What makes Bruce Cromer one of our region’s best actors? He’s especially good at virtuous characters such as Atticus Finch, the admirable, broadminded attorney in To Kill a Mockingbird, a role he’s currently playing for Cincinnati Shakespeare Company (CSC). A year ago he was Sir Thomas More in A Man for All Seasons for CSC, a character whose integrity and faith compel him to deny the will of his king.
But Cromer has breadth beyond these stand-up characters. If you’ve attended A Christmas Carol at the Cincinnati Playhouse since 1997, you’ve seen him, first as an antic Bob Cratchit for seven years and, since 2004, as the miserly Scrooge who becomes a man you’d welcome to your Christmas feast. His versatility was fully demonstrated last season when he played several morally corrupt men in the Playhouse’s production of Speaking in Tongues; a supportive friend and editor of the central character, a wounded photographer, in Ensemble Theatre’s Time Stands Still; and then Dan, the beleaguered husband of a schizophrenic wife in next to normal for Ensemble’s revival of the hit musical in June.
I could fill this column by enumerating his many performances at Dayton’s Human Race Theatre Company (approximately two dozen) or the Alabama Shakespeare Festival (19 productions, 1979-1986). That would demonstrate his scope of versatility, but I’d like to give you more of a sense of the man himself. In a recent phone conversation, Cromer told me that bigger and better roles have been coming his way since he reached middle age. “People told me,” he offers with a jesting tone, “that all my competition would get wiser and move on for the money and drop out of acting.”
But that’s a demurral.
He surely has gotten better and better with age: He played Hamlet and Romeo in his Alabama Shakes days, but now he’s done King Lear and The Tempest’s Prospero. He’s equally at home in contemporary work (his searing portrait of George in Edward Albee’s Who’s Afraid of Virginia Woolf? for Cincy Shakes was an award winner in 2005) and classics, and he’s played leading roles in musicals, including Fredrik, a frustrated middle-aged husband, in Stephen Sondheim’s A Little Night Music (New Stage Collective, 2009).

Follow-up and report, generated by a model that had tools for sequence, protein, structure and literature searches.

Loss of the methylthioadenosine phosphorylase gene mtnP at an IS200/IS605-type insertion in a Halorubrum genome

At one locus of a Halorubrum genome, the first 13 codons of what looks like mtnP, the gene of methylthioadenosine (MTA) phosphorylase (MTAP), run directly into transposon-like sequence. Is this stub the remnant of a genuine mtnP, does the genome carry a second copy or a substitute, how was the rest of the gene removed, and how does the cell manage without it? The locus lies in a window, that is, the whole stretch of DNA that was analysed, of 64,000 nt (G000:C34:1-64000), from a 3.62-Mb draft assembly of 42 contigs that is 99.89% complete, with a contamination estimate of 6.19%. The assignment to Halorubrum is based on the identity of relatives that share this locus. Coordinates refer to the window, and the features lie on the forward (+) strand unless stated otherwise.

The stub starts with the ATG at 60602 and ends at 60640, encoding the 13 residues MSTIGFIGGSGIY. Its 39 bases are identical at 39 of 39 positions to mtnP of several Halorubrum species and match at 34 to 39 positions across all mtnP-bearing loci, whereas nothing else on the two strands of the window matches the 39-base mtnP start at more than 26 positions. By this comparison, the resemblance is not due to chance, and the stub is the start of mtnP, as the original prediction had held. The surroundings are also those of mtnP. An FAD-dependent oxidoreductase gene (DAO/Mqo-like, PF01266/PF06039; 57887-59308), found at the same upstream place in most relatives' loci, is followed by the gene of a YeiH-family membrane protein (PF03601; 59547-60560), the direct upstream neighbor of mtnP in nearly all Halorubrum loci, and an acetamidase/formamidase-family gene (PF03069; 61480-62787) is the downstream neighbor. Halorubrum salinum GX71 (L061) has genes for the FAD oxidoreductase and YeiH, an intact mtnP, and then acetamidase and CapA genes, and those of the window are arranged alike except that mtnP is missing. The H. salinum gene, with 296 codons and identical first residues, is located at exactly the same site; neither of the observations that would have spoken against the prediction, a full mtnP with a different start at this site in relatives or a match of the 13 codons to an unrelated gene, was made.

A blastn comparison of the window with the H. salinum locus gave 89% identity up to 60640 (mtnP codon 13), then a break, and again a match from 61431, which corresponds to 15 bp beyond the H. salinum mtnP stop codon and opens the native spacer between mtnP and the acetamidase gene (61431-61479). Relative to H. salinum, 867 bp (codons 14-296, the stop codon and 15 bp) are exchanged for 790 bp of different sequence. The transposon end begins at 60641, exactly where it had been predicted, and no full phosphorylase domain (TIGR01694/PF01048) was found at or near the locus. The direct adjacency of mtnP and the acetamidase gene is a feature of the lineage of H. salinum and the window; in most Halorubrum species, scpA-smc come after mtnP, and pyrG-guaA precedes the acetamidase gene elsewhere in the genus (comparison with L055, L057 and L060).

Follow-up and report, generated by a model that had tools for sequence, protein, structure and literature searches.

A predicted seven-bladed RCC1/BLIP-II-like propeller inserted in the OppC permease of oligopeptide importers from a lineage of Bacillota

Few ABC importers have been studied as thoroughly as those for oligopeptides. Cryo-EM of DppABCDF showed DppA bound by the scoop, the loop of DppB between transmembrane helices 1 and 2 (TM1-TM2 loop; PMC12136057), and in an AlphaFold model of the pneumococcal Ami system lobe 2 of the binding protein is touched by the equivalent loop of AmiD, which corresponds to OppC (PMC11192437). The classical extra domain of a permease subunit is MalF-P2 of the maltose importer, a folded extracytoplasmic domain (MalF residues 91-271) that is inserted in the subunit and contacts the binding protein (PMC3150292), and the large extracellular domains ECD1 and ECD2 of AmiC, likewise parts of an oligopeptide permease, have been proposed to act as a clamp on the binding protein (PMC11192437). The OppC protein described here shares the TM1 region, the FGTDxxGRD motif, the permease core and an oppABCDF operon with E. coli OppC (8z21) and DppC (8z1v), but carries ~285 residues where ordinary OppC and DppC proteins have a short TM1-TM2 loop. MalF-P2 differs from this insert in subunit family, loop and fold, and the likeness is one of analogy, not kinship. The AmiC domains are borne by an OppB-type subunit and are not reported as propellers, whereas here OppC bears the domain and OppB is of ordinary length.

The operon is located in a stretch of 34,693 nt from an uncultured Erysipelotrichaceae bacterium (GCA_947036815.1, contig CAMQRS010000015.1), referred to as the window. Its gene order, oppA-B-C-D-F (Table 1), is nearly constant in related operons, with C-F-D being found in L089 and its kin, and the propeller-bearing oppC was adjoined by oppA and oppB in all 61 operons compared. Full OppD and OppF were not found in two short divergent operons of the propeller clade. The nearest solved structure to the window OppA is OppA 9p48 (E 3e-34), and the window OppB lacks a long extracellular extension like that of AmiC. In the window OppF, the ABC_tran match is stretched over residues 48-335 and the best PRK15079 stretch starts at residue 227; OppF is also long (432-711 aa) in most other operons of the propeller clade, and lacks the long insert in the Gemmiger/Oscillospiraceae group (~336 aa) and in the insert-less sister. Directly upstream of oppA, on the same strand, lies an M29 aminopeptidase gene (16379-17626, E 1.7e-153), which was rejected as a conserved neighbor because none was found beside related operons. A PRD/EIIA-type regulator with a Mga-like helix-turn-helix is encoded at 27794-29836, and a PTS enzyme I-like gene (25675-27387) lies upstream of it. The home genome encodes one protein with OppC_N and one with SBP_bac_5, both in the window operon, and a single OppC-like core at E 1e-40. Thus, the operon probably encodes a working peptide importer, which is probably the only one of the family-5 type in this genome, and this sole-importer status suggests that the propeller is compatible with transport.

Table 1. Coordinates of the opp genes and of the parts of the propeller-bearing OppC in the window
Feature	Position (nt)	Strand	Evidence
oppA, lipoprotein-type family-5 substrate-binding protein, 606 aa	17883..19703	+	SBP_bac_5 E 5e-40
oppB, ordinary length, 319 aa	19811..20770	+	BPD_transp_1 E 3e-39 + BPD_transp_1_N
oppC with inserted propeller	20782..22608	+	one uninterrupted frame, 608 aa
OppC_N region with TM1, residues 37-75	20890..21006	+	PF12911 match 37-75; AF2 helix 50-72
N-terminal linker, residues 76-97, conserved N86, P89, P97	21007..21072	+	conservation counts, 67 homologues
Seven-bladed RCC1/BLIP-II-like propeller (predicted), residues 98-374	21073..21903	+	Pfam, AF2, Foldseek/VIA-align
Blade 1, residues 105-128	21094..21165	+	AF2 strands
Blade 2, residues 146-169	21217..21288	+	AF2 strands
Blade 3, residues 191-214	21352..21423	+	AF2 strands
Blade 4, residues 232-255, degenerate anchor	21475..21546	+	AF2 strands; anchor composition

Cromer grew up in Westerville, Ohio, where his dad was an ROTC instructor at Otterbein College with a passion for skits and storytelling. “He liked Mark Twain and Garrison Keillor,” he recalls. “He would warn my brothers and me, ‘I’m going to say things about you. They’re not going to be real. They’re going to make people laugh.’ ” Cromer himself still chuckles when he recalls this.
As a college student, Cromer thought of pursuing a career in writing, but theater won out. “It seemed easier to me,” he confesses. “From the day I walked into Wright State, I never doubted that this is something I love to do.” Others recognized his talent, and he found professional opportunities beyond Ohio. Preferring regional theater to the New York City rat race, he spent time in Seattle and Alabama. But in 1987 when Wright State invited him to come back to train undergraduate actors, he knew he wanted to be there. He’s been on the faculty for a total of 23 years. He and his family live in artsy Yellow Springs, and southwestern Ohio’s theaters have provided plenty of fertile ground for him.
“Very smart directors like Lynn Meyers [ETC], Michael Haney [Cincinnati Playhouse] and Brian Phillips [Cincy Shakes] ask me to do roles they think are right for me. I’m grateful for the opportunities,” he says.
Cromer has simple rules that he teaches his acting students. “I tell them they need to be off book before they begin rehearsing,” he explains, meaning they must have their lines memorized. “The joy is making eye contact with your partners onstage and starting to find all the little nuances in what makes this particular moment or sentence different from the next.” That advice exemplifies Cromer’s detailed personal acting style.
Add to that his profound understanding of the meaning of the works he’s bringing to life. I asked him why someone should come to see To Kill a Mockingbird. He replied, “If you despair of the polarity of our country, this is a story that talks about the best of us. Over and over, Atticus tells the children to consider things from another human being’s point of view, to walk in their shoes for a while.” Few actors walk in another’s shoes better than Bruce Cromer.
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